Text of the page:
0.92%

0.36%

2017

16,308

22,084

2,368,700

0.69%

0.93%

0.24%

To place the aggregated national enrollment in perspective, the following graph explains from where incremental changes originated. The figure clearly points out some regional skewness. The historically neglected regions show the highest relative student enrollment in higher level subjects, such as Zambezi, Omusati, Oshana, Ohangwena and Oshikoto, while Grade 12 students from Kunene, Omaheke, Otjozondjupa, and Hardap were less incentivized and supported to register for higher level subjects.

Rural regions generate top performing students

Differentiating high performing students from the rest, it is interesting to observe that private schools are performing much better than government schools, both in absolute and relative terms. The existence of private schools is probably the contributing cause that the overall educational performance, especially in the Khomas region is better than those of regions without these schools.

Economic theory argues that the central regions’ government schools should do best because of their more enabling environment, but unfortunately, the Khomas government schools lost their competitive share of producing top performers during the past decade.

A normalized score analysis compared the Grade 12 top performers at independence and thereafter. A snapshot of achievements during the earlier Cape Senior Secondary education system with the current education output was done.

Although the proportion of NSSCH top performers declined from 14.8% to 2.3% on the national level during the past two decades, it is respectable that rural regions caught up with the central hub to generate top performing students. Specifically the Otjozondjupa, Omaheke, Oshikoto and Hardap regions must be congratulated.

Furthermore, it should be noted that for several years, Oshana, Omusati, Kavango, Ohangwena and Zambezi schools started to produce top performers. This achievement is the result of decentralizing education, and that the return of the huge investment in education in general showed first signs of human capital formation. It is a step to skills development to start a new generation of jobs.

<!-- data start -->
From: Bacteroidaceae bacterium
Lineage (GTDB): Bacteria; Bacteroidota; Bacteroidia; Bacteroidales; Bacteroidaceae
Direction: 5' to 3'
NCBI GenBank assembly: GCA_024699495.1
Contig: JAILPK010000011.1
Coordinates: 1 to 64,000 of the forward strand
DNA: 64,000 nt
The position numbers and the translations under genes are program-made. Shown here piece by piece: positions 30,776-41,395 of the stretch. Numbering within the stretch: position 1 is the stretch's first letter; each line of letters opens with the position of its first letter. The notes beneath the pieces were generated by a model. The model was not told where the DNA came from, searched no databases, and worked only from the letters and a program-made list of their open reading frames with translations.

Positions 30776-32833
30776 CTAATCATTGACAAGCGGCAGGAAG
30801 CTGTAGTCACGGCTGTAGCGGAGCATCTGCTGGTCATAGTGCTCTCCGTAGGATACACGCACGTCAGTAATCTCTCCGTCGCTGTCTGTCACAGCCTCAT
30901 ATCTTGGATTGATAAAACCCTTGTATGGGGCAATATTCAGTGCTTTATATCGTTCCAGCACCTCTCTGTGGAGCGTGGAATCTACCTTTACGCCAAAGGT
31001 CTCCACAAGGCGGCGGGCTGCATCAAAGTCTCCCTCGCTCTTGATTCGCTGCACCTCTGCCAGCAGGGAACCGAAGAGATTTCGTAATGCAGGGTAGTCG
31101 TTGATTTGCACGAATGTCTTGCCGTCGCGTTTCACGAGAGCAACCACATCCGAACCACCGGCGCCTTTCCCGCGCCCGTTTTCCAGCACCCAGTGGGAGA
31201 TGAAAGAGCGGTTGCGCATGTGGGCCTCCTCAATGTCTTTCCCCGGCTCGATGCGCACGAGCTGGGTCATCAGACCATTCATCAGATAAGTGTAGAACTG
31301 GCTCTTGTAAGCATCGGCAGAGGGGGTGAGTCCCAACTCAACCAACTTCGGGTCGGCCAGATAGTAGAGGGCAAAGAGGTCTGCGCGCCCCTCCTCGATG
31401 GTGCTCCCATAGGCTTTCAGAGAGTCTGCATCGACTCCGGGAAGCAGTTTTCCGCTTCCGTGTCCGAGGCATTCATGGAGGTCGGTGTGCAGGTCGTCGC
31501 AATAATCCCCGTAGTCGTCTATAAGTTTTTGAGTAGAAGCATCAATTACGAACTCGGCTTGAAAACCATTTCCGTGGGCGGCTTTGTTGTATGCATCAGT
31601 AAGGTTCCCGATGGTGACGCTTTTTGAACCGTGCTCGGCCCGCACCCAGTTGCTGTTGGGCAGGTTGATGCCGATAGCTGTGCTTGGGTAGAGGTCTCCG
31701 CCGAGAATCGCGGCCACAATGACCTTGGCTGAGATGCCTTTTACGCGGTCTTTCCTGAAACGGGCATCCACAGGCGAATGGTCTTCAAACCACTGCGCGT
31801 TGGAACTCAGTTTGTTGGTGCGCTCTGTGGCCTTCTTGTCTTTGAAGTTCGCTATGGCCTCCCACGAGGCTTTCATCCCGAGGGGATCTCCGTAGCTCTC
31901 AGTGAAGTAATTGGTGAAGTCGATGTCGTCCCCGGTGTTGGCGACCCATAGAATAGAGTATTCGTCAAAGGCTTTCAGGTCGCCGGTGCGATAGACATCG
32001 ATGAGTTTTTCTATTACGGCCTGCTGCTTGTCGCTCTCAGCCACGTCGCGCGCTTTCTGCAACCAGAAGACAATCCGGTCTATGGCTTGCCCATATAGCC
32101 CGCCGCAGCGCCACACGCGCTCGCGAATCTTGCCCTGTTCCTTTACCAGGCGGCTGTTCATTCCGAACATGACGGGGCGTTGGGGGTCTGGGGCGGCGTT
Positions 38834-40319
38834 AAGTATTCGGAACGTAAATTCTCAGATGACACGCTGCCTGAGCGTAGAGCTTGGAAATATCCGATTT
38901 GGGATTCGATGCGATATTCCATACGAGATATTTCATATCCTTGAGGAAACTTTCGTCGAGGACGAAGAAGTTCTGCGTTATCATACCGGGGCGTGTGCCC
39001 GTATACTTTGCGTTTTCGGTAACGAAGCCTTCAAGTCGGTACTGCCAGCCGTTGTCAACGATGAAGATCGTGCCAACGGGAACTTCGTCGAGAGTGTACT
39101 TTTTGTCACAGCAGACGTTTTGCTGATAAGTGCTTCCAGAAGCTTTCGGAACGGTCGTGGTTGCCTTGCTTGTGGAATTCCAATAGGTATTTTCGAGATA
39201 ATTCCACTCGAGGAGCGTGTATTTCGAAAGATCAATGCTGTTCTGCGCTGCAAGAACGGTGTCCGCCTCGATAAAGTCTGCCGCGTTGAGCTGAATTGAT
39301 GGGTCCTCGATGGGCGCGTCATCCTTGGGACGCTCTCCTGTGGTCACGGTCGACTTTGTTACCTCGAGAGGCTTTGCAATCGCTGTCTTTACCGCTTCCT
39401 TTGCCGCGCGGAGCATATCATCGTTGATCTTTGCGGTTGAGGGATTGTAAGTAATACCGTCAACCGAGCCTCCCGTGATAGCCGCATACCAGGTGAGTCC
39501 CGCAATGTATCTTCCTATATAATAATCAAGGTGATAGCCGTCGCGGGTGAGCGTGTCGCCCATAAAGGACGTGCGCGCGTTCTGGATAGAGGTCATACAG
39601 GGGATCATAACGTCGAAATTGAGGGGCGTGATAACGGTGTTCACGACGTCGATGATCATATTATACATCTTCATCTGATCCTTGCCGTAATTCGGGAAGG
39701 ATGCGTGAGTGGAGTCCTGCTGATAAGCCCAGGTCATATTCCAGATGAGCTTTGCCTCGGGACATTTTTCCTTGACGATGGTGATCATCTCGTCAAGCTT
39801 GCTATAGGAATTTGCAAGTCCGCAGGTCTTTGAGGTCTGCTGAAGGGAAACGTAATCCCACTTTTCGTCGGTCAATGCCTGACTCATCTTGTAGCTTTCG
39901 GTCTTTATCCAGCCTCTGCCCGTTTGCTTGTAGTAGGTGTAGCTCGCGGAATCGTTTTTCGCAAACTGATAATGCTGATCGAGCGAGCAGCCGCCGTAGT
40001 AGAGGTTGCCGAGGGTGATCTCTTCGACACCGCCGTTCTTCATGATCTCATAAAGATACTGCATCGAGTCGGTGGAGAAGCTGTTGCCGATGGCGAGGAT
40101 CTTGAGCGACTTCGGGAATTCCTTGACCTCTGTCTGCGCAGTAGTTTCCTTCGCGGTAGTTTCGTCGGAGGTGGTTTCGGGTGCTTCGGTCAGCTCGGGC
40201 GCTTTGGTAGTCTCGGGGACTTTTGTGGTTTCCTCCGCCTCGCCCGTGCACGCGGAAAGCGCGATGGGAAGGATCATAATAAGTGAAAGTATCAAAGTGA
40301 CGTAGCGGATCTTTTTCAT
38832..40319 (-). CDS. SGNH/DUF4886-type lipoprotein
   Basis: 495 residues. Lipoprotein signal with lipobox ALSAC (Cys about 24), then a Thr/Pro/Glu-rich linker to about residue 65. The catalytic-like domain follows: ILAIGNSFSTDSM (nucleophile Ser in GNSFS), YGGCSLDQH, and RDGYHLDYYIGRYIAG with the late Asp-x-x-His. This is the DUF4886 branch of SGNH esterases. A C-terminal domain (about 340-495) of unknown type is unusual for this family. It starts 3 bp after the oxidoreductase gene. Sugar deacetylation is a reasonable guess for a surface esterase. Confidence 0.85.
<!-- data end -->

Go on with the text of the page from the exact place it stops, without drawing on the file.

With these achievements, the time is ripe to further unleash the latent capabilities of the youth by equipping them to improve productivity. In anticipation of the 2018 NSSCH results, we trust that the coming results are respectable and continue to respond to the different strategies in place.


About The Author

Helmke Sartorius von Bach

Dr Helmke Sartorius von Bach obtained his PhD in Agriculture Economics at the University of Pretoria in 1992. He became professor in 1994 at the age of 32 and headed the Department of Agricultural Economics, Extension, and Rural Development. He returned to Namibia in 1996, taking up full-time farming and part-time consulting as agricultural economist. His academic and theoretical background coupled with his practical and implementation experience allowed him to successfully lead the MCA-N Agriculture project as Director of Agriculture from 2009 to 2014. Dr Sartorius von Bach was a member of the University of Pretoria Senate, a founder member of the Post-graduate School of Agriculture and Rural Development (UP), a Council Member of the Namibia University of Science and Technology and a former director of Meatco. He continues to consult for both Namibian and international organisations on agricultural economics. His most recent work was done for USAID, Future Works and Urban Econ.